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Don't know your bisque from your chowder, here's a quick guide.

Tips to make your soups successful


Cooking Class

Soup Secrets

Soup is the original restaurant meal. Several centuries ago, the first French restaurateur served soup at his establishment, causing a stir. Soup had long been the domain of innkeepers and to serve it outside an inn was unheard of. Thus was born the first restaurant — defined as such because it served soup but did not lodge guests.

Soup's popularity has endured, but now it's more often the strong suit of the home cook rather than the restaurant chef. Making soup is simple, therapeutic and creative. There are no strict techniques to learn and it can be made with anything from the finest ingredients to the humblest leftovers.

There are some basic procedures that make good soup a cinch. We'll teach you those, plus in a series of cooking classes, we'll explain how to transform simple soups into elegant dishes.

What Goes in the Pot

Seasonings such as dried and fresh herbs, spices, garlic and shallots, to add depth of flavor to compliment the main ingredients.

Vegetables and trimmings, called mirepoix, to provide a flavor base to highlight the main ingredients. Try onions, leeks, celery or carrots.

A small amount of fat to sweat the mirepoix and seasonings in. Look for monounsaturated oils such as grapeseed, olive and canola.

A liquid, usually stock or water, to slowly simmer the ingredients and meld the flavors.

The main ingredients, which will become the primary flavor of the soup.

Some ingredients are added more as a thickener than for flavor.

Garnishes for visual appeal, texture, taste and substance to the finished soup.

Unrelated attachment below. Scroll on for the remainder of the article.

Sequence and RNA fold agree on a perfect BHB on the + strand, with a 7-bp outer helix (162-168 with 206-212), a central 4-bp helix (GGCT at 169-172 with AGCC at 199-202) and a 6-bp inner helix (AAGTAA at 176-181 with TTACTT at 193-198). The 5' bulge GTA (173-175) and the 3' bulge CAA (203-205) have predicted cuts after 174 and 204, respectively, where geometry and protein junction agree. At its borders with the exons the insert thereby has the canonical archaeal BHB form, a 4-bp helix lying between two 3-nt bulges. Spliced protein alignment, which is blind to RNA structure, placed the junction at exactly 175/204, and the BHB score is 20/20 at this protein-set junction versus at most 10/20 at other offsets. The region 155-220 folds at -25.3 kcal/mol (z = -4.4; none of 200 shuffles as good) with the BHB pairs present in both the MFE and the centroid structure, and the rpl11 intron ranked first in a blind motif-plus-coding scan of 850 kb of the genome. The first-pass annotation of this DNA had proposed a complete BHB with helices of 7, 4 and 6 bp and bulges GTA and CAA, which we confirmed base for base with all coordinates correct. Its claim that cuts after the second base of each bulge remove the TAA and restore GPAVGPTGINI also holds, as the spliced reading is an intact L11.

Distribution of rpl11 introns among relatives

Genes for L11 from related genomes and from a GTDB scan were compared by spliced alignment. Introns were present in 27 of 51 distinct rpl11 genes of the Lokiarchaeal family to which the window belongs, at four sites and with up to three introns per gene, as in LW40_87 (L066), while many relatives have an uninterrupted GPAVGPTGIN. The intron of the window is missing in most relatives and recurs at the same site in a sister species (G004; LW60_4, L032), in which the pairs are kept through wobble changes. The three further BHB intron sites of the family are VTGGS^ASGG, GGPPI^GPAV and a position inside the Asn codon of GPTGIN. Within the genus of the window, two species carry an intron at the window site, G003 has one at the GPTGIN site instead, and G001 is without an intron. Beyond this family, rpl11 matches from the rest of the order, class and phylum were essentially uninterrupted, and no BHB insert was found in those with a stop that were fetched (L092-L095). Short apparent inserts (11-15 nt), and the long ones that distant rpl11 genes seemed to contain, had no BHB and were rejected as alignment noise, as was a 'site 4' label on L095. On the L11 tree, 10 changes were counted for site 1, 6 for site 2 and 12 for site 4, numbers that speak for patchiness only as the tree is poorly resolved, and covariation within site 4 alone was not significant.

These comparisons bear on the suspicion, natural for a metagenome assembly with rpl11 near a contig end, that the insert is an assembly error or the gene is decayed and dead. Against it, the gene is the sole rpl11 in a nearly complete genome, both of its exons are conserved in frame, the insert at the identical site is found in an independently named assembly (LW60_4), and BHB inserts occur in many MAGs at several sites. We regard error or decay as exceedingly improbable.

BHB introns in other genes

How to Stir It Up

  1. Slowly cook the mirepoix and seasonings in the fat over low heat to draw out their flavors.
  2. Add the liquid and simmer for twenty minutes or more.
  3. Add the main ingredients (and thickener) and cook until the flavors are blended and the main ingredients are tender.
  4. Puree all the ingredients or only half the ingredients in a blender or food processor (optional).
  5. Garnish.

Great Garnishes

  • Chopped fresh herbs, especially parsley
  • Toasted nuts and seeds
  • Cooked, diced ham, poultry or smoked fish
  • Low-fat yogurt or sour cream
  • Pesto or flavored oils
  • Chopped, blanched veggies


Asparagus Soup
Curried Tomato Soup with Riso
Roasted Red Pepper Soup
Old-Fashioned Chicken Noodle Soup with Winter Vegetables
South-of-the-Border Soup
Butternut Squash Soup with Caramelized Onions and Apples
Kale and Potato Soup
Onion Soup with Cheese Croutons

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Soup Tips

  • Salting the soup at the beginning draws out the flavors and often allows you to use less salt. There's one exception — NEVER salt a soup made with dried legumes until it is finished or the beans won't get tender.
  • Avoid using vegetables like broccoli, cabbage or Brussels sprouts as a base. They impart an "off" flavor when cooked for long periods of time.
  • If you're using store-bought stock or broth, choose "low-sodium."
  • Use more liquid when cooking starchy vegetables, such as winter squash, potatoes and legumes. Use less with vegetables that have a high water content like leafy greens.
  • Reach for grains, potatoes and rice to add nutrients and thicken the soup.
  • Use 5 parts of the main ingredients and a total of 1 part mirepoix.
  • Use fewer carrots and orange colored vegetables when making soups that will be predominantly green or white.


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